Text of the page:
This Japanese Hagi Ware pottery vase was made by the great Human Cultural Treasure Koki Nosaka, b. 1931. Hagi-yaki is a prefectural designated cultural property in Yamaguchi Japan, and he is a master of it. He was designated as a Human Cultural Treasure from Yamaguchi prefecture in 2002. He a Japanese order, the 5th Class, Gold and Silver Rays from Japanese Government in 2008, another very high award in Japan for an artist to receive, and among many other awards. A cylindrical vase is handmade and hand-glazed in the traditional and wonderful warm Hagi ware colors of cream and beige. It is made with a unique design and such, is a great piece for ikebana or flower arrangement with a cut-out window just above the center to pull vines through or place more flowers through. It is a standing vase made for the tea ceremony and would make a lovely decoration piece in many rooms. It is about 40 years old. It comes with the original signed tomobako made especially for this item which is very important for the value of and care and storage for this piece. The potter has inscribed his name on the bottom.
It is in excellent condition with no cracks or chips and has some minor surface wear only.Please see the pictures and ask any questions. We are non-house smokers and do not smoke around our wares and our very careful with them to have clean hands and in the packing. We have noticed smells from items received recently, again please let us know if you have any questions. This one has no smells, this is from a well- known and honest, quality antiques dealer's piece. Please note that the tomobako significantly adds to the weight of the package and therefore shipping. It is you option not to take it, but not recommended for a signed piece.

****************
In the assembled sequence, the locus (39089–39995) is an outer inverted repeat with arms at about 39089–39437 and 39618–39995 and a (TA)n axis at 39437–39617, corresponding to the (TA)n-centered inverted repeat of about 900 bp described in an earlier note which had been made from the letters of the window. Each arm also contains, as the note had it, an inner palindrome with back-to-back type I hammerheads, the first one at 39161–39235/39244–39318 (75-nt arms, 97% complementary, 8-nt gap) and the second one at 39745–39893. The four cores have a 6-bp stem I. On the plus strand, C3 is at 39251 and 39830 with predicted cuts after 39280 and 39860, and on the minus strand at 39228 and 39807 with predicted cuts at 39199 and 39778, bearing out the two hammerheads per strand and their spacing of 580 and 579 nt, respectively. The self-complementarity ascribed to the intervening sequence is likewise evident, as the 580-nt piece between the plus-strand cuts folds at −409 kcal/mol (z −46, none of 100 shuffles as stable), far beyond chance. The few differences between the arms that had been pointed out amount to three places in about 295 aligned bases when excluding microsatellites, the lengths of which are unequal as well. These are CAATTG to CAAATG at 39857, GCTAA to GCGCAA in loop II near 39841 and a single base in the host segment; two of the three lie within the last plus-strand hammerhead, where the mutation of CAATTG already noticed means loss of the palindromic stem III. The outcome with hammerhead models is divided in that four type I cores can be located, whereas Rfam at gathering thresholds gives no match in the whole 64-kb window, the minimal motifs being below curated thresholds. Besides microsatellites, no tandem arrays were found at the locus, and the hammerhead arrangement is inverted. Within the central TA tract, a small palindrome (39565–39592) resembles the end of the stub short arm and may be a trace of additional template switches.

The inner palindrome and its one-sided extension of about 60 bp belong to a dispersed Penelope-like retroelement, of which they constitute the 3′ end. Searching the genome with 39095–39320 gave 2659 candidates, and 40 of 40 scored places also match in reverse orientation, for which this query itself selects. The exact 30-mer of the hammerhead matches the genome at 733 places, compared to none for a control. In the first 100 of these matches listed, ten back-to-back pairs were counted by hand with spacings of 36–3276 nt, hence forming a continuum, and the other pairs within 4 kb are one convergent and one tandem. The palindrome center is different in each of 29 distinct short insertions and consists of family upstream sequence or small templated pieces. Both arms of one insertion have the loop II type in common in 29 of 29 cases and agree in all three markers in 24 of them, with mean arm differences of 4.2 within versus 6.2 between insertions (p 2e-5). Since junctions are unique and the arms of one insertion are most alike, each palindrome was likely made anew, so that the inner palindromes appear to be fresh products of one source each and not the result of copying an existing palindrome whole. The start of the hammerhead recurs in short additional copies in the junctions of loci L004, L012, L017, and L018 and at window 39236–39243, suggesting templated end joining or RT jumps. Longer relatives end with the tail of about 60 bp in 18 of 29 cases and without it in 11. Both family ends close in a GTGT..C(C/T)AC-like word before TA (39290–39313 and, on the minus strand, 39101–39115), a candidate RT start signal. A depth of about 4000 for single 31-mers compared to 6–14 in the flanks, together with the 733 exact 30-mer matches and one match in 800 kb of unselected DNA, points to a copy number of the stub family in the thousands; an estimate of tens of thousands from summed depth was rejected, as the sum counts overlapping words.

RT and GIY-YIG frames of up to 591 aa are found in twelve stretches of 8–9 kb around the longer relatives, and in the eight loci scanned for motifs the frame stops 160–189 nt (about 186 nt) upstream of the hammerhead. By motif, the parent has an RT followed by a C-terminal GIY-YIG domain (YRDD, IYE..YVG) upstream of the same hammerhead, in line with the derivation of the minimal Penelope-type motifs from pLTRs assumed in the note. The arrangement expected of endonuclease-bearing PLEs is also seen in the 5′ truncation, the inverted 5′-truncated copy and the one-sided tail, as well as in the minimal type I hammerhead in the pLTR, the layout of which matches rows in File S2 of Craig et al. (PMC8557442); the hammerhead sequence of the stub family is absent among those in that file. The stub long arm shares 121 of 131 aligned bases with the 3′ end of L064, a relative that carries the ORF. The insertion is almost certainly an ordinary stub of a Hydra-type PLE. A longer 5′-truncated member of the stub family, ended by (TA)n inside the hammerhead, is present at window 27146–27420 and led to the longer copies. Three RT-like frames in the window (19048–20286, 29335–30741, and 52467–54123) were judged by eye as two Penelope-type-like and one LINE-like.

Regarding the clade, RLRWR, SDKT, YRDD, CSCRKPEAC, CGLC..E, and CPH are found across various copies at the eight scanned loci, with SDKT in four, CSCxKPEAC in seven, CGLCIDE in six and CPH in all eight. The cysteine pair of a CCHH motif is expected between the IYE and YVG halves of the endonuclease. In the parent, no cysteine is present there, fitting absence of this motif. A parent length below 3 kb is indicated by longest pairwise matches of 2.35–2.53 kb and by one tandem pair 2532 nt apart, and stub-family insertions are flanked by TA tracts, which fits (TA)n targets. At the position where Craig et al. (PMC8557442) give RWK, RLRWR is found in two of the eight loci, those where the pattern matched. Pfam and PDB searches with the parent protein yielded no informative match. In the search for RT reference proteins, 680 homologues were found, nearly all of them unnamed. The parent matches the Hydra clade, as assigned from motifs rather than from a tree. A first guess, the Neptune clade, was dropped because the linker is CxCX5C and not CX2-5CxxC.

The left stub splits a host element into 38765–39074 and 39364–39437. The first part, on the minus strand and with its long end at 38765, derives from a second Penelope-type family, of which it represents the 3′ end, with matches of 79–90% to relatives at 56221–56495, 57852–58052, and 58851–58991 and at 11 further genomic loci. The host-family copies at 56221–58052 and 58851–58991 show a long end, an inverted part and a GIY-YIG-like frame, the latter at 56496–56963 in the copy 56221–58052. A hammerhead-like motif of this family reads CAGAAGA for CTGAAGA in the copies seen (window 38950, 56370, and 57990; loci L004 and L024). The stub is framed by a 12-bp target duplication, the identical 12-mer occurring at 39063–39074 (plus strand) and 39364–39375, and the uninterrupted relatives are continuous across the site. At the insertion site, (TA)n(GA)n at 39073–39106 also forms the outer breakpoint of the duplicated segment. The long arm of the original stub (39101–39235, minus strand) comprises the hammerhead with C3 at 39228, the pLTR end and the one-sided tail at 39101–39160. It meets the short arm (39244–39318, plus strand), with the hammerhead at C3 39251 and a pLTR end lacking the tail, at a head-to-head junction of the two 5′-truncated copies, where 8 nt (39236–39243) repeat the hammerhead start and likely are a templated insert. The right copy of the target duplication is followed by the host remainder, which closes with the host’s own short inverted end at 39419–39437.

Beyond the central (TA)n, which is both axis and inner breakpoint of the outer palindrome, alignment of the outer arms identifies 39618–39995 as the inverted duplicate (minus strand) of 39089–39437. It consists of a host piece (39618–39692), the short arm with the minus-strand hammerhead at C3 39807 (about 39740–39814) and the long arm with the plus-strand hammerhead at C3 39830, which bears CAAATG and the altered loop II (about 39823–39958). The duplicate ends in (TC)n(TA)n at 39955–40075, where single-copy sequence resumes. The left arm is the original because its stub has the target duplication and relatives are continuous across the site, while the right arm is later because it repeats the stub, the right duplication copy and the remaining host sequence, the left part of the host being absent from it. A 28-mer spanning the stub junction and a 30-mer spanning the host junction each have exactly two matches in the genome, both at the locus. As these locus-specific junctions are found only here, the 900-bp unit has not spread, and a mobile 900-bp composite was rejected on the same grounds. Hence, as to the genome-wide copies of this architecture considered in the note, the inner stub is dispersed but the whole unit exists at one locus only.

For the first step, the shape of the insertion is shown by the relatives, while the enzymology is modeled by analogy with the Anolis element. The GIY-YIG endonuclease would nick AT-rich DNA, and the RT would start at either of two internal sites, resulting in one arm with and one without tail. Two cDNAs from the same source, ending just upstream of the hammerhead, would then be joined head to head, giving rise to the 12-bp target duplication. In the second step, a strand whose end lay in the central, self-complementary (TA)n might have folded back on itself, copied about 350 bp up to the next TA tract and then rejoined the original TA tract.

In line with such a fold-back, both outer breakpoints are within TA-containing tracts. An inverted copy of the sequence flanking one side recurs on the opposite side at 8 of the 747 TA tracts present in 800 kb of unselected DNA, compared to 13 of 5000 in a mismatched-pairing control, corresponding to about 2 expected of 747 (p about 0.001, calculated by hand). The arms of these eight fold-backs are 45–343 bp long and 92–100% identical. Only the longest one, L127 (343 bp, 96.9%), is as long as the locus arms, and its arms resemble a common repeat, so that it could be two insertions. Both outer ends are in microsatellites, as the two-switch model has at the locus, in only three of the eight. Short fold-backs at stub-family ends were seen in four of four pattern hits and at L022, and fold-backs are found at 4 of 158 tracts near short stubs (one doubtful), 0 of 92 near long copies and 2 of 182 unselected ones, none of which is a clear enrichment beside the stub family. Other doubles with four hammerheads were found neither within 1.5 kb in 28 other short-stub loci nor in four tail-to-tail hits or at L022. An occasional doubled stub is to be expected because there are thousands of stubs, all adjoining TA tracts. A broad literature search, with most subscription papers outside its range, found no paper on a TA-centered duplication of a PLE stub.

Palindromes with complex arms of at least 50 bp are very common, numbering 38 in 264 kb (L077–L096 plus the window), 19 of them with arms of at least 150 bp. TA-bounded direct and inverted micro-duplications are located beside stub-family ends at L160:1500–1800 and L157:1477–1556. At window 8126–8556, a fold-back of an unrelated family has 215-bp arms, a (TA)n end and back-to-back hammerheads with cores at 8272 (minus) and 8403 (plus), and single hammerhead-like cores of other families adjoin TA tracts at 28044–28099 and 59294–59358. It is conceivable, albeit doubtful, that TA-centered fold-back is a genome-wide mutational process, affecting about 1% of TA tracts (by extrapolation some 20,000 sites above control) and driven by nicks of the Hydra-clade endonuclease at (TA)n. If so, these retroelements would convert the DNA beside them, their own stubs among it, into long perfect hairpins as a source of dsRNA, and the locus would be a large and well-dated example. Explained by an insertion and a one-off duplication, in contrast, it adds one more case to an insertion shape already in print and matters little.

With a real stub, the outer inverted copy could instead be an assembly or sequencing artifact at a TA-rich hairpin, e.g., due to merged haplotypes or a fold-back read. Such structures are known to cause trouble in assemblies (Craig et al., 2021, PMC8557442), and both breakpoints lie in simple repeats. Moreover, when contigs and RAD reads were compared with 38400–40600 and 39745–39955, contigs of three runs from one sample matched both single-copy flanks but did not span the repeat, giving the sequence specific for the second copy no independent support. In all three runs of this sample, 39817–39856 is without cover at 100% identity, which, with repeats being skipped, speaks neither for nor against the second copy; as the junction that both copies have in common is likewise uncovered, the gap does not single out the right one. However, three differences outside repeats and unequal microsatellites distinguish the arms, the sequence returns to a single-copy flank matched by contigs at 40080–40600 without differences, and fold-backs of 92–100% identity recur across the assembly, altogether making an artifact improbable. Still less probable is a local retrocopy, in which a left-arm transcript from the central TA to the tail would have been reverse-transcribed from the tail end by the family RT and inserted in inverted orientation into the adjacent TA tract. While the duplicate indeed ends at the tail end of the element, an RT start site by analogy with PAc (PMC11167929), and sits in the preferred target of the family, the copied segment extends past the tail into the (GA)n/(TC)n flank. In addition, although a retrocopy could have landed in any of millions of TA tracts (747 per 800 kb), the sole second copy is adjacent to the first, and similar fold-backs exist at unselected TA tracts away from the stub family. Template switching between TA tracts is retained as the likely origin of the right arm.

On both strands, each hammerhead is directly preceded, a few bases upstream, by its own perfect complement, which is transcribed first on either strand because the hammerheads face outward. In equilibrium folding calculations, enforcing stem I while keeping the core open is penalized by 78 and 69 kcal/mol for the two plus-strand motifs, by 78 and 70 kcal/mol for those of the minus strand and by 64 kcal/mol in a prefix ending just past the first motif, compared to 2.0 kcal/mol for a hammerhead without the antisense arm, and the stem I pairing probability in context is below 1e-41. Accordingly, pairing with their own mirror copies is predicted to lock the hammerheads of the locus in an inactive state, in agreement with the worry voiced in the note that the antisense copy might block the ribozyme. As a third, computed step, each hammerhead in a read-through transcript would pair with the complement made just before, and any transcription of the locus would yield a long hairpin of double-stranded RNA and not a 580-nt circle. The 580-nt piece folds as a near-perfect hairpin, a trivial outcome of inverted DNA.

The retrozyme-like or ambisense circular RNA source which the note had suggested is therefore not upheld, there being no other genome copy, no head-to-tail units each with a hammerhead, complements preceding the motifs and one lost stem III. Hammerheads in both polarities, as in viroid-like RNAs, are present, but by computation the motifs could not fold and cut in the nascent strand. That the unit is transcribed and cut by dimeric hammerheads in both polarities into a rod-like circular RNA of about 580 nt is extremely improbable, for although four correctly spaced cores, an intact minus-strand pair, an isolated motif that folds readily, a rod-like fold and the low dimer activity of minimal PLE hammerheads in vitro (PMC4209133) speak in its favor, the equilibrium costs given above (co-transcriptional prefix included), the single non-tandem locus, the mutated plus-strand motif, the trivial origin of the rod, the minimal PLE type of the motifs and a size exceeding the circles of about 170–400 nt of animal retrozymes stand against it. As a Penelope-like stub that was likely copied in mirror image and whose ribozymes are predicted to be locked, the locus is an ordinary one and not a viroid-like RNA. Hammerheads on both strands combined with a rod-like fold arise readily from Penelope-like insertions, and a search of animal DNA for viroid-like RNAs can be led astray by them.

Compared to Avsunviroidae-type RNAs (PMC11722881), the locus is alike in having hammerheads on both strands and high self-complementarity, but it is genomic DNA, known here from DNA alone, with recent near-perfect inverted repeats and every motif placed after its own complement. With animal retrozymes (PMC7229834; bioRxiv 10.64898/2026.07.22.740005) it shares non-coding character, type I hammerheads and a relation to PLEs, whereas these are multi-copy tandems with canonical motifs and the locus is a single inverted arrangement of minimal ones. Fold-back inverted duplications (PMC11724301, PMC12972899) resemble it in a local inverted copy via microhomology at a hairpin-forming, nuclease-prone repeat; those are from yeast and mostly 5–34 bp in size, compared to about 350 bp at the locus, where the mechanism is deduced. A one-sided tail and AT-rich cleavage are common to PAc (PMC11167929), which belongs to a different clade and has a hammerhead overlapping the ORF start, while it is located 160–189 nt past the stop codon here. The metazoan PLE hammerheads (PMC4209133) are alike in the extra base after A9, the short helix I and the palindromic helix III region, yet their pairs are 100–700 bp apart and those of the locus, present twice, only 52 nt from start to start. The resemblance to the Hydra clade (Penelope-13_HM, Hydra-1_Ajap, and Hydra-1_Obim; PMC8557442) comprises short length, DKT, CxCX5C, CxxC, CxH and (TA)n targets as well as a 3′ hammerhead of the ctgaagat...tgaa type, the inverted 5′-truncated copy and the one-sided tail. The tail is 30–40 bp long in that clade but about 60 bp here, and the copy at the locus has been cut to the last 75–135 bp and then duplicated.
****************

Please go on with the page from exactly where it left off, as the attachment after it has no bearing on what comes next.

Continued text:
SIZE: Height 8 in. or 20.2 cm, Diameter 3.5 in. or 9 cm
Hagi yaki 萩焼き
The origins of Hagi yaki ware go back about 400 years. It was brought to Japan by potters returning from Korea. There was a decisive battle in 1600 in which the Lord Mori, who was protecting the Korean potters, was defeated, and subsequently moved his castle to Hagi. At this point, a kiln was opened in Hagi, and this was the starting point of Hagi yaki ware. In later times, the style was changed and diversified. One of the features of Hagi yaki ware is the feeling of softness and warmth of the soil in the finished product. It has been used mainly for tea ceremony implements, and the art has been improved and developed. Now, Hagi yaki ware is highly valued as one of the world's greatest types of earthenware.
Another feature of Hagi ware is that it contains cracks, known as 'Kannyu', in its foundation. This gives it different properties of ventilation and water permeability to porcelain. Part of the charm of Hagi ware is the incrustation of tea into the cracks through use, resulting in subtle changes of pattern and color. This is the reason that Hagi ware is respected, and the respect is demonstrated in ancient sayings originating from the world of tea earthenware such as, 'one Raku, two Hagi, three Karatsu', and 'The seven changes of Hagi'. Another element of the charm of Hagi yaki ware is that it gives a feeling of amorousness combined with simplicity. Moreover, the shade will change gradually through use. Enjoy this transformation, and feel the softness and warmth in your hand.
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